When a new manufacturer arrives, the Mississippi Development Authority traditionally sends out an e-mail announcing the impending plans and thanking all who worked hard to make the good news happen.

MDA sent one out this week for the reopening of a theater seat manufacturer in Union County, in North Mississippi. The company’s story says a lot about how both corporate finance and consumer tastes are changing rapidly.

In 2012, VIP Cinema Seating opened a plant in New Albany. It started with 30 employees but grew into one with more than 500. It’s the kind of small-business-turns-into-big-business success story of which every community in Mississippi dreams.

Ultimately, the owners cashed in by selling the company to a private equity group. But the new owners filed for bankruptcy protection in February — before the coronavirus pandemic took hold.

Enter the prior owners, who along with two other investors bought most of the bankrupt company’s assets and now stand ready to reopen in New Albany with a 100-employee operation. The company’s slightly adjusted name is VIP Luxury Seating.

The first observation is about private equity ownership. Smart people run those companies, and often do quite well. But in this particular case, even with a strong economy, they were unable to avoid bankruptcy.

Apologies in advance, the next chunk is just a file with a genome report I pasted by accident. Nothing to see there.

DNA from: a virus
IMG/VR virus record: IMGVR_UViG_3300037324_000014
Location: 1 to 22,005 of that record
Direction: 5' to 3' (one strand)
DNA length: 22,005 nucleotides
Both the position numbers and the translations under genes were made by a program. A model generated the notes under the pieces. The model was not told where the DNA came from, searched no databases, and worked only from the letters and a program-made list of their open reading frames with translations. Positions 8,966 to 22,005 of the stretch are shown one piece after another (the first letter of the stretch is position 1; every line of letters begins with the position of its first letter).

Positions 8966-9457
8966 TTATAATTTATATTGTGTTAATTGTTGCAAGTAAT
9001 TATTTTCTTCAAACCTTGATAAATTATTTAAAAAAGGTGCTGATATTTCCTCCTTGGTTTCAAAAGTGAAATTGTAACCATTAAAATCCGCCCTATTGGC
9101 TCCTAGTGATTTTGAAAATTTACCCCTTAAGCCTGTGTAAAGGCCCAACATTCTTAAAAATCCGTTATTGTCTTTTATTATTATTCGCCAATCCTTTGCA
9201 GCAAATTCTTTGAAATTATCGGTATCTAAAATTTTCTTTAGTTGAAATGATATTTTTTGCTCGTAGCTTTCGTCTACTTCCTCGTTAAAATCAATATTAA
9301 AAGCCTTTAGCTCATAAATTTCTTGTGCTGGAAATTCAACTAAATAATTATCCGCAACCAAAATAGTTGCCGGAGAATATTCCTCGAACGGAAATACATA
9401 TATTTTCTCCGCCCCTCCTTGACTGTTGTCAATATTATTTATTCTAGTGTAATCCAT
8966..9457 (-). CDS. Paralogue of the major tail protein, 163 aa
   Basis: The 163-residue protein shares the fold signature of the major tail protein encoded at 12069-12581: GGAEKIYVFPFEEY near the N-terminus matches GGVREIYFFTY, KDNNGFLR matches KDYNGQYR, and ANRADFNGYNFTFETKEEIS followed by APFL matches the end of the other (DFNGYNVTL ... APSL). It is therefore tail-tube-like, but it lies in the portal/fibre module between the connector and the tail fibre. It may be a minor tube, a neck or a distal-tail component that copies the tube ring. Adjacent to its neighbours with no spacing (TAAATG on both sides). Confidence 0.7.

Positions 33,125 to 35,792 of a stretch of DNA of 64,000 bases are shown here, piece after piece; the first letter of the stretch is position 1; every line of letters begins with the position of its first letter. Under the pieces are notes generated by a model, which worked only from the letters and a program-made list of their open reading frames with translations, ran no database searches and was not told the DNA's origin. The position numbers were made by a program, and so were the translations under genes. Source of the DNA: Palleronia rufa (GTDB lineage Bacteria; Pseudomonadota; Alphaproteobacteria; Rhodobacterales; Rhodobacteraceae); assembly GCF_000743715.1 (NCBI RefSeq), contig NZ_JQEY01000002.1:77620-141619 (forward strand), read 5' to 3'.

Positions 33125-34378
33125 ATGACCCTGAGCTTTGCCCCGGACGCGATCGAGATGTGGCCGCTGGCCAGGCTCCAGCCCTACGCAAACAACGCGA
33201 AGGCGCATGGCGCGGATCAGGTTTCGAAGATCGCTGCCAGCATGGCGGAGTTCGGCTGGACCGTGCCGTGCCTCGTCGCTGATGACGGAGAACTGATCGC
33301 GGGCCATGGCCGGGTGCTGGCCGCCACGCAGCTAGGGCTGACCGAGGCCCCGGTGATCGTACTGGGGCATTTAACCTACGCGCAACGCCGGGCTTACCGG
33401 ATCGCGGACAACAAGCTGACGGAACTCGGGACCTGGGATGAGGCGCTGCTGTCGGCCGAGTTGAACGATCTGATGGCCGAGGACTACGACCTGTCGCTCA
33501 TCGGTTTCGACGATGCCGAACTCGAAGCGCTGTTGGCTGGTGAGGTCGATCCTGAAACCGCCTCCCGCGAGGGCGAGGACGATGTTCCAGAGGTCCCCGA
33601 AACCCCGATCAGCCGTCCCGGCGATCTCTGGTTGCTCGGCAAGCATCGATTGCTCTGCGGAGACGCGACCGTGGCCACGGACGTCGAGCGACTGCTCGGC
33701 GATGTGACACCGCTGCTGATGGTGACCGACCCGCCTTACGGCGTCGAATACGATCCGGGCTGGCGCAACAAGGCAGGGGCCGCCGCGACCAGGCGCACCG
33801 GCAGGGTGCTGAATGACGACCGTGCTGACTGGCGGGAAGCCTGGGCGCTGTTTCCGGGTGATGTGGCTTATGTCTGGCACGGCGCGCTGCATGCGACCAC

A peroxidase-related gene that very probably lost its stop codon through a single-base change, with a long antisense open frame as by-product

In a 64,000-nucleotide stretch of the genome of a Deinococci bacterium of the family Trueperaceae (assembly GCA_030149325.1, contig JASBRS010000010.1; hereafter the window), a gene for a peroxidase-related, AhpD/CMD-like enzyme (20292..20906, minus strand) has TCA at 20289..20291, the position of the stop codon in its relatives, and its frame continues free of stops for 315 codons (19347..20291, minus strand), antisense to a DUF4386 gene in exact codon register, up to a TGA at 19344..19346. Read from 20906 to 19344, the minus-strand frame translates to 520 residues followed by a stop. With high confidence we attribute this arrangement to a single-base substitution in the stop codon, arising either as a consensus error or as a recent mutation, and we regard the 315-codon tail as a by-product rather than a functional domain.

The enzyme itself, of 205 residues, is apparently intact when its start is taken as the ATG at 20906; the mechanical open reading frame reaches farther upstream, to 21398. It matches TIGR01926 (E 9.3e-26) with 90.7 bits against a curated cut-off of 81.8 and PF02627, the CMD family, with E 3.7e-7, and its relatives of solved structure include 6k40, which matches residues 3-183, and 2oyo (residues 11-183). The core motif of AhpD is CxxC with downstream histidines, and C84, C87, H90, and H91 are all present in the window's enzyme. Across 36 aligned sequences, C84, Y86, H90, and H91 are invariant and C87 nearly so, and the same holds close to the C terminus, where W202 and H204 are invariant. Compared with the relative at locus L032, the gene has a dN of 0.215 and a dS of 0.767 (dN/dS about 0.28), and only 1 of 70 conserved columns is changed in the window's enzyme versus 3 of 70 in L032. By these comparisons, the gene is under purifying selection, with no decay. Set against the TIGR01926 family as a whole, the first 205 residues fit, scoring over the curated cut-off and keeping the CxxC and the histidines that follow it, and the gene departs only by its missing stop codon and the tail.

The second observation involves a bit of informed speculation.

Perhaps the company sank into bankruptcy because of the rapidly changing tastes of the viewing public. In just the last few years, more people have installed extra-large, high-definition television sets in their homes. These TVs present a reasonable alternative to the theater experience, and if there is less use of movie theaters, there obviously will be less demand for the comfortable reclining seats that are standard in the newer auditoriums.

Presumably the original VIP owners have ideas about how to pivot the business — thus the new name of the company. People always are looking for somewhere comfortable to sit, so there ought to be a market for luxury seats.

Good luck to the revived company. Jobs are depending on its ability to find new customers.

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